We had one other hairy experience going around hairpin turns in the Great Smoky Mountains. It took us an hour to travel 8 miles, with my hands gripping the armrest for dear life. When we got off the trail, I made BFF pull over so I could fix myself a drink . . . at 10 o’clock in the morning! Definitely a white knuckle ride.

ryoko861 - April 9, 2013

LOL!!! That’ll wake you up for sure!

nrhatch - April 9, 2013

Yup. Eyes wide open. 😯

15. Pix Under the Oaks - April 8, 2013

Too scary Nancy!

nrhatch - April 8, 2013

Very scary. But we survived. Yay!

16. Perfecting Motherhood - April 8, 2013

Wow, they always have warnings for motorhomes and campers with high winds, but I guess they should also warn of roads giving way… I’ve always wondered if I could ever drive an RV, but now I’m not sure I should keep wondering. 😉

nrhatch - April 8, 2013

We were doing okay until a jeep came flying up the road in the opposite direction. We pulled over a few inches and the shoulder said, “Nuh, uh.”

The guys in the jeep stopped and helped us climb out ~ forming a human chain. I’m not sure we could have managed without their assistance. They felt B~A~D.

We stopped driving the van on dirt roads after this mishap.

17. dearrosie - April 9, 2013

Wow you drove around in it for 10 years!
After I read your comment that you and your husband roared with laughter this morning after he read your post, I wondered whether you sold your camper after this adventure?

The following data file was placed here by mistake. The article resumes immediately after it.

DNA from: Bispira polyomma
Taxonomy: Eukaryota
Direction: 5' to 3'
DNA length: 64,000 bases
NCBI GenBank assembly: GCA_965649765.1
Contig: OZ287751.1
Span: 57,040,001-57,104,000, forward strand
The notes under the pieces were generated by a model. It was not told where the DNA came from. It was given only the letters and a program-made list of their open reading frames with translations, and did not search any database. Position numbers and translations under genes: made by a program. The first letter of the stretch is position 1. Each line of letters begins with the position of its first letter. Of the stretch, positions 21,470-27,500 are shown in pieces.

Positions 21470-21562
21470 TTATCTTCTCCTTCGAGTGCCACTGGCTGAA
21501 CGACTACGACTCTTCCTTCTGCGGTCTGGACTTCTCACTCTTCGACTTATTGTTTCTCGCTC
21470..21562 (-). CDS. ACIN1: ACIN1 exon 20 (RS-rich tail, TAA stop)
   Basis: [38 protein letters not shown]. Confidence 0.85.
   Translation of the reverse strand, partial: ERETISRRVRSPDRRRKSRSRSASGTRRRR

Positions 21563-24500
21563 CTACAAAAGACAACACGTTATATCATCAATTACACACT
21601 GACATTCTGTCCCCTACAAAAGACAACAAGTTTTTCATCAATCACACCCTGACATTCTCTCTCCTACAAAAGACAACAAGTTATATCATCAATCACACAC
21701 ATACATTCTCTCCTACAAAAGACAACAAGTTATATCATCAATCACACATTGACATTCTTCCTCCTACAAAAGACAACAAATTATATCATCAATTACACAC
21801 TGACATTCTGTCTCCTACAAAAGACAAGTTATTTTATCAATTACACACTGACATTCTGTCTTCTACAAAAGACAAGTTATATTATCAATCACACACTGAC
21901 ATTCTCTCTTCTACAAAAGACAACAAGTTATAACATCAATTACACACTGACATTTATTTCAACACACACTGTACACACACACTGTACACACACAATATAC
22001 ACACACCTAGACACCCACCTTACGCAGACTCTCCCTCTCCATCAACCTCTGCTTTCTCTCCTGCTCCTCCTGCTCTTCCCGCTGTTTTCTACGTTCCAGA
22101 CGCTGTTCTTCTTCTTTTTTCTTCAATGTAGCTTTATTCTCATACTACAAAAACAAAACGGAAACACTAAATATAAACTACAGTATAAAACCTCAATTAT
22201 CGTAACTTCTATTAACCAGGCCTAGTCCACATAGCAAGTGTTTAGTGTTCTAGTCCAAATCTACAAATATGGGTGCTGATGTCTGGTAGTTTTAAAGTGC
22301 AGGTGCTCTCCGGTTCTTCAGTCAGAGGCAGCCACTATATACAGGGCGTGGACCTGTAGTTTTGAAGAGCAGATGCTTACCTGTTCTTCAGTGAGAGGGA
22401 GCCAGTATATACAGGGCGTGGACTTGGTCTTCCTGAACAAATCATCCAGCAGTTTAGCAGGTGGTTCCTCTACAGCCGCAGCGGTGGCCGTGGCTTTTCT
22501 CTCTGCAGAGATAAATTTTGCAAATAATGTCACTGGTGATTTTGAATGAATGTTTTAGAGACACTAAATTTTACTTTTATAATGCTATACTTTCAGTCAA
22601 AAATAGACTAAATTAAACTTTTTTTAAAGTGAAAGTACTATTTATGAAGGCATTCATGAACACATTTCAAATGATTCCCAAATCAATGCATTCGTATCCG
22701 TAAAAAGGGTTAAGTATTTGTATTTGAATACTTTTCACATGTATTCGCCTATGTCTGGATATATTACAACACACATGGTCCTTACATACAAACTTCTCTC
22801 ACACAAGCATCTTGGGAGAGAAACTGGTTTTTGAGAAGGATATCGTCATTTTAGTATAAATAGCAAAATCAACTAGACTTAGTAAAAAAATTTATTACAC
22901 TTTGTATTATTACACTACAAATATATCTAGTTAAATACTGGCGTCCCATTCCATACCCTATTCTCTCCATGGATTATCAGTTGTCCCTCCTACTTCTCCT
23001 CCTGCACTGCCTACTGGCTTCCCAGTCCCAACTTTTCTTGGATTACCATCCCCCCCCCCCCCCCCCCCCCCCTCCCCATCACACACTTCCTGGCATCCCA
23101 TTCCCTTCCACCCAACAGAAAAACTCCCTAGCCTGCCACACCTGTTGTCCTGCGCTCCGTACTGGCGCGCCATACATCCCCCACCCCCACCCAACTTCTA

so how did you get your purse?

nrhatch - April 9, 2013

We were a bit nervous driving the rest of that day, but we got over it quick ~ that was our “I’m gonna live forever . . . I’m gonna learn how to fly” phase of life. 😉

I waited until the van was hoisted to safety before retrieving my purse and my camera.

18. sufilight - April 9, 2013

That was a close call, Nancy! So glad you both made it out. Phil and I had a close call about 6 years ago when a loose piece of wood in the highway suddenly flew up in the air, crashed against our windshield. Phil managed to drive quickly off the road and averted an accident. We were stuck off the road for four hours before help came. I was so grateful that were unhurt that I didn’t care that we were stuck for those hours safe and alive.

nrhatch - April 9, 2013

Yes. I don’t think the wait for the van to be winched back on to the road bothered us in the least.

Having flying debris crash through your windshield seems scarier to me than our mishap because of the higher speeds, the traffic congestion, and the likelihood that something similar will happen again. Since we swore off “off road travel” in the camper after this incident . . . we knew we were not likely to have a repeat experience.

19. colonialist - April 9, 2013

Oh, wow, what fun! How was recovery effected?

nrhatch - April 9, 2013

The van had to be winched back onto the roadway using a tree as a fulcrum and chains around both axles ~ but it lived to drive another day.

colonialist - April 9, 2013